Brokers told prospective buyers that they didn't need to prove they had a certain income (hence the term "liars loans"), that they didn't need to worry about their interest rate increasing after three to five years, and that if they ever did find they were unable to pay they could always sell for a big profit and start the process anew. And this was not simple incompetence on the brokers' part. These leeches on the economic body of the nation told customers that housing prices would never fall, that they could obtain a "special" interest rate -- which was often far beyond what the borrower qualified for but made the brokers a higher commission -- and that they "deserved" the most expensive property they could be "qualified" for.

    The toxic mortgages were then bundled together and sold to investors. Had the brokers been forced to keep the loan and service them (and take the risk of bankrupcies)they would have had a powerful incentive to do things by the book; when they sold the mortgages they in effect washed their hands of all risk. But wait, if these mortgages were so bad, how did the rating agencies give them mostly triple AAA status? The answer illustrates the degree to which the situation was not a simple mistake or miscalculation, it was sheer greed done with the knowledge that the situation was a powder keg ready to explode. Moodey's and the other ratings agencies' impramaturs were legally required before the bundle of mortgages could be sold to banks or other investors. But these agencies were blissfully ignorant to the true nature of what they were given to rate, and they also knew that their fees for doing the ratings came from the agencies selling the bonds, If a rating were too low the bank or other holder of the bundle could just walk to another rater. It is hard to visualize the degree of criminality this made possible.

    There were those who recognized the situation and realized that the situation was destined to fall apart. They bet "short" on these toxic bundles, (hence the name of the book) and made millions as the economy tanked. Lewis illustrates the big picture with clarity and simple language.

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  • Posted July 27, 2010

    I Also Recommend:

    Fine study of Wall Street criminality

    In this fascinating book, ex-Wall Street Michael Lewis tells the story of some of those who betted against subprime mortgages, against Wall Street.

    Subprime mortgages were taken out by those least able to repay the loan. For example, a Mexican strawberry picker earning $14K was lent every cent he needed to buy a $724K house.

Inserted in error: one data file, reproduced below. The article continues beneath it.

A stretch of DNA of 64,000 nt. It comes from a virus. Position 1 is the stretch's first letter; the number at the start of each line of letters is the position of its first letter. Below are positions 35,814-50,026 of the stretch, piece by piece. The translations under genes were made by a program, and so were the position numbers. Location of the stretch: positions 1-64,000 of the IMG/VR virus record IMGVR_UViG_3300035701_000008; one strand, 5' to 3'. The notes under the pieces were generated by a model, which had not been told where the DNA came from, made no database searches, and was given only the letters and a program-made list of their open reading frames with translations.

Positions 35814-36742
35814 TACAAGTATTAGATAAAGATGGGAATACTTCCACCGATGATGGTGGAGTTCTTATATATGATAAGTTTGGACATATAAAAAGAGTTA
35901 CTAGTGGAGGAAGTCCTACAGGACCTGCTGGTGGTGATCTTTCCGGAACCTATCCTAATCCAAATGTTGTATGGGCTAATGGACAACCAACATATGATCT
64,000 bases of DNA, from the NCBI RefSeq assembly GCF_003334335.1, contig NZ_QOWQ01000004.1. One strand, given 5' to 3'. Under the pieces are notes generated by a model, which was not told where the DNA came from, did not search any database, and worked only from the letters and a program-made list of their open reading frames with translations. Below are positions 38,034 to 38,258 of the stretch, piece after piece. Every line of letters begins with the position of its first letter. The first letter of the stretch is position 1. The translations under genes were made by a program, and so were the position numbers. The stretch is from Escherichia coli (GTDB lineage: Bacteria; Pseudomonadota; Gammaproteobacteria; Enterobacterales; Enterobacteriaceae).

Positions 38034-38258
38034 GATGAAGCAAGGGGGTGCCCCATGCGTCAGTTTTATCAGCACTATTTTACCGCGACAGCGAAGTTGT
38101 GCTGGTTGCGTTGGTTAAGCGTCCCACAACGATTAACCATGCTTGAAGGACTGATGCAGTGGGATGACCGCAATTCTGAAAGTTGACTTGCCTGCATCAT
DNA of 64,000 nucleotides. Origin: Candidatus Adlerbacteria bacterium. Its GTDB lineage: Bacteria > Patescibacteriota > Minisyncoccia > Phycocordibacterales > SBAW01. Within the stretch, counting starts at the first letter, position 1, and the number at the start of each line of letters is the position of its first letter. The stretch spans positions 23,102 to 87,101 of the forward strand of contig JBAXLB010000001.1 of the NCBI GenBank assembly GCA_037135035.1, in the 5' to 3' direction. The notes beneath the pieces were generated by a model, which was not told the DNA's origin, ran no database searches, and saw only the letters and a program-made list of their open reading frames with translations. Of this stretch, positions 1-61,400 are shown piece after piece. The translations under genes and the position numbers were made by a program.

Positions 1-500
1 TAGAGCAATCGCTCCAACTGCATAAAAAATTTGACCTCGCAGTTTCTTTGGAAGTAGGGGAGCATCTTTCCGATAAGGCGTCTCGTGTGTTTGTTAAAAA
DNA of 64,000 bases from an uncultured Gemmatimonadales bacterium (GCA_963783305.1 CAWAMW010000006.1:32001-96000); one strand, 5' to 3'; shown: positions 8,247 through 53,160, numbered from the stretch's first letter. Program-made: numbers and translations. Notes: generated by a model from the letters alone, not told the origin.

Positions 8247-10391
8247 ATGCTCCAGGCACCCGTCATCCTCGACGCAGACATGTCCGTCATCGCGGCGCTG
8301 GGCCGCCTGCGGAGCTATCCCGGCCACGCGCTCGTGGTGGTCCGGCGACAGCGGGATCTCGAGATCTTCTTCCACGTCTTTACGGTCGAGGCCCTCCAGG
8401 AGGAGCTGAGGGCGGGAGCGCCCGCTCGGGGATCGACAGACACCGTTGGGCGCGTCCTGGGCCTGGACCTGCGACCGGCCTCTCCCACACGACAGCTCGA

Household Finance Corporation, with the biggest portfolio of subprime loans, lied to its borrowers they had an 'effective rate of 7 per cent' when it was taking 12.5 per cent. In 2002, it settled out-of-court and paid a $484 million fine. In 2003, HSBC Group stupidly bought HFC for $15.5 billion.

    Goldman Sachs was 'notorious for packaging America's worst home loans'. It paid rating agencies to re-rate BBB-rated mortgage bonds, gathered into collateralized debt obligations (CDOs), as AAA. (One hedge fund owner called the rating agencies 'whores'.) Standard & Poor's managing director of CDO ratings e-mailed, "Any request for loan-level tapes is TOTALLY UNREASONABLE!!" Wall Street contracted its credit analysis to people who wouldn't do a credit analysis. $400 billion of CDOs were never properly vetted.

    By January 2007, Morgan Stanley's star trader had bought $16 billion in AAA-rated CDOs, composed entirely of BBB-rated subprime mortgage bonds. This led to the biggest-ever trading loss on Wall Street.

    As Lewis writes, the subprime mortgage market was 'an engine of exploitation and, ultimately, destruction'. Financier Steve Eisman said, "The system was really, 'f*** the poor.'" The entire business of consumer finance, he said, 'existed to rip people off'.

    When Wall Street fell, Wall Street blamed the American people. The US government then bailed out, not the individual American borrowers, but Wall Street's firms, which had all bankrupted themselves by making dumb bets on subprime borrowers.

    Goldman Sachs lost its clients a billion dollars. Bush, then Obama, gave billions of taxpayers' money to Goldman Sachs and $306 billion to Citigroup alone. Goldman Sachs still paid $3.8 billion bonuses last year. The Fed shifted a trillion dollars' worth of bad debts from Wall Street to the taxpayer.

    Wall Street does not create wealth, just shifts it from one shark to the next. It is not rationally putting our savings and pensions to better use, but stealing them. It is a criminal conspiracy.